Bits of carbon monoxide splashed off my nostrils and into my brain. If I could get a little closer, perhaps the vapors would numb my frantic neurons. Then again, I was fine where I was with the taught rope. Sparks cavorted and flashed off the neat parallel lines beneath me and rapidly snuffed out. The rope was fixed and tight. I could taste gasoline and engine oil in my throat. My teeth were bared in a parched expanse of weathered white. The wind surged through the crevasses and gullies of my grimace and over-inflated my lungs with an abundance of oxygen. Against my momentum, carbon dioxide trickled from my nose and was cast aside into the cold night.
No sound entered my ears. At the beginning, the constant calm clicking had collected images in my mind of crowds clapping in a colossal fashion of enthusiasm. As the bearings rotated furiously and blindingly, the acclaim vanished. Odd, disjointed broken mutterings whipped by my eardrums like cold static on a broken television. The rope was loose. I pulled in. My eyes focused on the Cadillac in front of me. From the rear windows, faces turned toward me and uttered words which only had meaning as expressions.
Streetlights flew by with pale yellow eyes. The sky overhead was overcast with low clouds and glowed unnaturally orange. The wind which had thrashed at my baggy shorts and shirt like a tired prize-fighter had almost dissipated. In the small vacuum that I existed in behind the car, it contented itself with clenching my clothes with separate tight grips, bunching the material. It was as if wraiths were leeching onto my body to pry at my soul. My legs were locked. They were not tucked. I had started tucked, but had shifted to adjust my center of gravity over the passing lines underneath my boots. The surging, straining motion of the rope took the place of the fierce growling and roaring of the Cadillac's aged engine. The silver ball towing hitch caught random flashes of white light, casting them off into my eyes in endless tunnels that I blinked fiercely to see around.
At fifty-five miles per hour, I was balanced on a rope and eight wheels between life and a closed casket funeral. The stress that my velocity carried with me was causing constant certain death time warping and slowing moments. The rope that connected me to my momentum maker, the Cadillac was no life-line. I wanted it to be a brick wall, constantly firm and impermeable.
The rope didn't want to be a wall. It wanted to cast me aside as it unraveled since it was an already frayed climbing rope. Its fibers wanted to split. Its fibers wanted to sag, or stretch. It only was only holding me in place because it had not yet decided how it would fail. If it came apart, it was as good as a dead-line. Mr. Mysterious, who was driving, would slam on his brakes, and the wheels would consume me in one carnivorous gulp. Splitting could send me spinning into any of the reflectors that lined the road like land mines. The rope could never be expected to surpass all expectations and preserve my existence. So I gripped it – no, clenched it with all of my force and concentrated – no, fixated on following the car in a straight line down the freeway in the empty third lane of traffic at two in the morning.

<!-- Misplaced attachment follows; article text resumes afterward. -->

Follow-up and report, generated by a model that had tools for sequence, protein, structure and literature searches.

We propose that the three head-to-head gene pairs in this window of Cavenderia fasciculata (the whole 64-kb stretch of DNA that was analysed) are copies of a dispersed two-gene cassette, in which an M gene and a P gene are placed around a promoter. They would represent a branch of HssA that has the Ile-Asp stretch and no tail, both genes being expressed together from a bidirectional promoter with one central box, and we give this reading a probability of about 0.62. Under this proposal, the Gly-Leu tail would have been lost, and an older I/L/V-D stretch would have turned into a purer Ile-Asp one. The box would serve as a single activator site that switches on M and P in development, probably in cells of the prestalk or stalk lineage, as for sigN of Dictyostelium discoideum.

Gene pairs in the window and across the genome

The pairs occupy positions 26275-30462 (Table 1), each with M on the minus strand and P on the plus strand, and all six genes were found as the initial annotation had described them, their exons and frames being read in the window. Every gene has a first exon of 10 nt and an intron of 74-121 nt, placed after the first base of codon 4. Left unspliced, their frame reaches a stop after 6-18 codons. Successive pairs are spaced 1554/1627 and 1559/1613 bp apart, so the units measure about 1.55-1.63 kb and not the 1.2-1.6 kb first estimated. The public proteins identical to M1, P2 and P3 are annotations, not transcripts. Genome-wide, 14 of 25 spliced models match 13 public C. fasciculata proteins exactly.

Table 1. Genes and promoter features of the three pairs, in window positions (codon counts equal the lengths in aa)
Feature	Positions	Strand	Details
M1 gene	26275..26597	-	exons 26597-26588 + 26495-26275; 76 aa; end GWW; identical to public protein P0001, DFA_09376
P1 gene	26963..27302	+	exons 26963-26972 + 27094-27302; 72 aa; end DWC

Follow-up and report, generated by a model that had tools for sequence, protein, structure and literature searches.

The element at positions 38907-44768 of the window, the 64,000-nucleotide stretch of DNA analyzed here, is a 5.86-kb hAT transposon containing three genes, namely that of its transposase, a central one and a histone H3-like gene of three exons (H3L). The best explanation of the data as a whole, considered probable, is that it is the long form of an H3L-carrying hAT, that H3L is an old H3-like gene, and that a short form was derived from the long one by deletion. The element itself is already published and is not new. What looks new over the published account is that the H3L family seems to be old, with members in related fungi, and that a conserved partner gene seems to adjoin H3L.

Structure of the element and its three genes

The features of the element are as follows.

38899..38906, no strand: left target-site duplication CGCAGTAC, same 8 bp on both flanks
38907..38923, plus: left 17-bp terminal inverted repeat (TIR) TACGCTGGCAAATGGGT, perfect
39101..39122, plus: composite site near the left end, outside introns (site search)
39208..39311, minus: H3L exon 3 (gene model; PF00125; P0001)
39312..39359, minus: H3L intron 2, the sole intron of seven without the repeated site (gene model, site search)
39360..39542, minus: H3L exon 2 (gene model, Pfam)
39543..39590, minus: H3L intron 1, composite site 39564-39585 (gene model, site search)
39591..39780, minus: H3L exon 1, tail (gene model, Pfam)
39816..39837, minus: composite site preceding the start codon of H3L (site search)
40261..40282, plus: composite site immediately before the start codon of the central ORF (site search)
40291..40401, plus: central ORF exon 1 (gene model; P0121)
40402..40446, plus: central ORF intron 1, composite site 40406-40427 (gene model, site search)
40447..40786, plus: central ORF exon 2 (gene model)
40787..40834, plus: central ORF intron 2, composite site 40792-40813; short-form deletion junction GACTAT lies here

I can summarize how I ended up behind the Cadillac easily. It was the work of the Devil. It is simple enough to prove this: a common phrase tells us that idle hands are the Devil's work. I can attest that Mysterious and I, as well as his friends yelling at me from the backseat were very idle that evening before the idea was floated. Ipso facto, our actions were the result of some sort of demonic possession. However, there may be a more worldly explanation. We could have all had testosterone poisoning. The theory of testosterone poisoning is simple. Young males have an abundance of testosterone, and therefore get themselves into all types of dangerous situations as the hormone wreaks havoc on their rational brain.
Exhibit A for turning the Theory of Testosterone Poisoning into a scientific law would have been my flesh and bones connected to a rope tied to a towing hitch on a car. No rational person would tie a used climbing rope to a car. No sane person would place gloves on their hands to grip the rope better, and check their wheels on their rollerblades before giving a thumbs-up to the driver to start accelerating. No one with common sense of any sort would even allow the idea to get past the point of mere talk. But we did. It didn't matter who had the idea. It didn't matter who had the rope, who tied the knot. It didn't matter that I volunteered to be pulled. I could tell you that I volunteered to be pulled because I knew that I had the best rollerblading skills and the greatest chance to survive. But my real reason was nowhere near that noble. I had T.P. It cascaded through my veins, blocking any genetic screams for self preservation.
The plot brought us to the Interstate 56, a freshly paved three mile freeway that went nowhere and connected to nothing. We chose the 56 because it was a logical certainty that at two in the morning, the freeway would have no cars on it, because it never had cars on it. Over the freshly poured concrete my feet soared, skimming the surface of the earth. My legs ached. My arms refused to unclench. ‘Freeway ends in one mile’ registered in my brain from the green flyswatter that had just passed by. The taillights flashed red as Mysterious tried not to stomp on the brakes too severely. I forced myself to part with the rope. The Cadillac and its twitchy tail drifted into the left lane. Serenely, my speed fell off, time began to follow its normal pace, the frantic beat of my heart assailed my ears with its quickstep, and I tried to gauge how much of my essence would always be trapped on those three miles of inanimate concrete.